My husband and I were preparing to take our 15 month old daughter to the Children’s Hospital for surgery on her thumb. When the VHS “Baby Einstein” video she was watching came to an end and automatically rewound, we saw the first tower burning on TV. We drove to the hospital, Phoenix was eerily silent, the freeway signs warning not to go to the airport as all flights were cancelled. After her surgery, the doctor told us his wife was in NYC — we appreciated hearing about that AFTER, knowing it would have to be a distraction to him.

    The fear of the unknown, not being in control, was every plane in the air about to crash… this is the feeling I remember. But my baby going into surgery was the main topic of my prayers.

  52. Aleigh A says:

    I was on base at the Ped’s office with my 8 yr old son. We were stationed in Lakenheath, England. While waiting, the sirens went off and the announcement came on that the base was on lock down. That means no one on or off. The office workers turned on the TV in time for all of us there to witness the second tower go down. We were all in silence. I don’t think anyone breathed. The Ped saw my son and then we went to sit in the waiting room since we weren’t allowed to leave. The air was stale, the people stonefaced. They were in shock and they were mad. I just remember the stance they all had. All of us had. We’re ready to defeat those enimes both forgein and domestic so let’s go get ‘em! To this day, when I close my eyes to remember, I see that office, those men and women in uniform, and that TV. And then I remember that 95% of the people in the towers were able to get out. And like other posters, in the darkest hour when all seems lost and frail, God is there.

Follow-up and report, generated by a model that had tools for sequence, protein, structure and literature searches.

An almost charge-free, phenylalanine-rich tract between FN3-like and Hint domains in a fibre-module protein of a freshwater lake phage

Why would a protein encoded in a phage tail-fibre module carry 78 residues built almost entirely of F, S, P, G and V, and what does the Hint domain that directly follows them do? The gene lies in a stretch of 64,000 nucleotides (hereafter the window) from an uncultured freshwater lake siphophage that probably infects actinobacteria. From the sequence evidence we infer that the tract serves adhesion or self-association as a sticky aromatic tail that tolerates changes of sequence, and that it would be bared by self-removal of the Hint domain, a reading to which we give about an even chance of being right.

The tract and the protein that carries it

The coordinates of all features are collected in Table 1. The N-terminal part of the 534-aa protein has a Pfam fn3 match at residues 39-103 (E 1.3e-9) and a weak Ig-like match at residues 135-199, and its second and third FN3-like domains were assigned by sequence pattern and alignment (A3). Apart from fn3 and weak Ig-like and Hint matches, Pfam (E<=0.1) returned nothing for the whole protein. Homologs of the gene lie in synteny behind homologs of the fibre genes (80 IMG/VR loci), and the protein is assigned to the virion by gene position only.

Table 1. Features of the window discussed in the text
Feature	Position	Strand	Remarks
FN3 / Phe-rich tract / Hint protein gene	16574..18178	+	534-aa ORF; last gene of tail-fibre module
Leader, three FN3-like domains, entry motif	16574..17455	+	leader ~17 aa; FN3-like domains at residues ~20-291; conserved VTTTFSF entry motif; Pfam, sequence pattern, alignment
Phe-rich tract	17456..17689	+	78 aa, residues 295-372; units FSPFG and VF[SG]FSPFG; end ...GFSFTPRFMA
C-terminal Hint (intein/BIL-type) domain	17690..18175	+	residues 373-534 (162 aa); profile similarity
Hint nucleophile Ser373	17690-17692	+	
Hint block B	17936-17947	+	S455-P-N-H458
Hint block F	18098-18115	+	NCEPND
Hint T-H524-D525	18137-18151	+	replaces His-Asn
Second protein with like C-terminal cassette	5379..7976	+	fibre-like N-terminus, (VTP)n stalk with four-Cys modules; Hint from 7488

53. Debora says:

    It’s hard to think about this day like many Americans. I was in college at the time and just before I headed out I was talking to my attorney about a discrimination case. She told me all government offices would be closed and I didn’t know why, she explained and we both thought omg we hope this isn’t the act of so called Muslims. And it was. My hart sunk for all those in New York, but sunk more for the innocent American Muslims ( including myself) who would later be blamed for this horrific act that we had NOTHING to do with. I hope this event does not continue to instill islamaphobia in the hearts of Americans because true Muslims mourn this day just like every other American. I will always remember this day, but will not be blamed for the actions of extremists who hijacked my religion. Peace love and unity. A true American!!!

  54. I was in biology, 10th grade, and I still remember where I was sitting. I can’t believe it’s been 10 years…

  55. Jaime says:

    I was in the 8th grade. I remember waking up and as usual turning on my radio to my favorite radio station. Then the radio host starting sounding funny….I remember feeling curious because the morning show I listened to was always sarcastic and joking. Then there was silence, about 30 seconds, he comes back on and says a plane had hit the world trade center. I thought to myself “ok, I don’t even know what that building is” then I thought to myself “How could that pilot have let that happen?!” Then he continued talking and starting saying words like “terrorist attack”. I look back and think to myself, I didn’t even KNOW what that word meant!! I lived in a community and country where we didn’t have a REASON to know what that word meant! I finally felt super uncomfortable that I ran upstairs and saw my parents watching the T.V…..the image just gave me goosebumps! 3 minutes later the second plane hit. I remember being SO confused and not understanding the real threat that was happening, only knowing that something was very, VERY wrong. Being that young, the vulnerable feeling was immense and it has scarred me for life. I never EVER want to feel that way again. I was helpless to do anything…….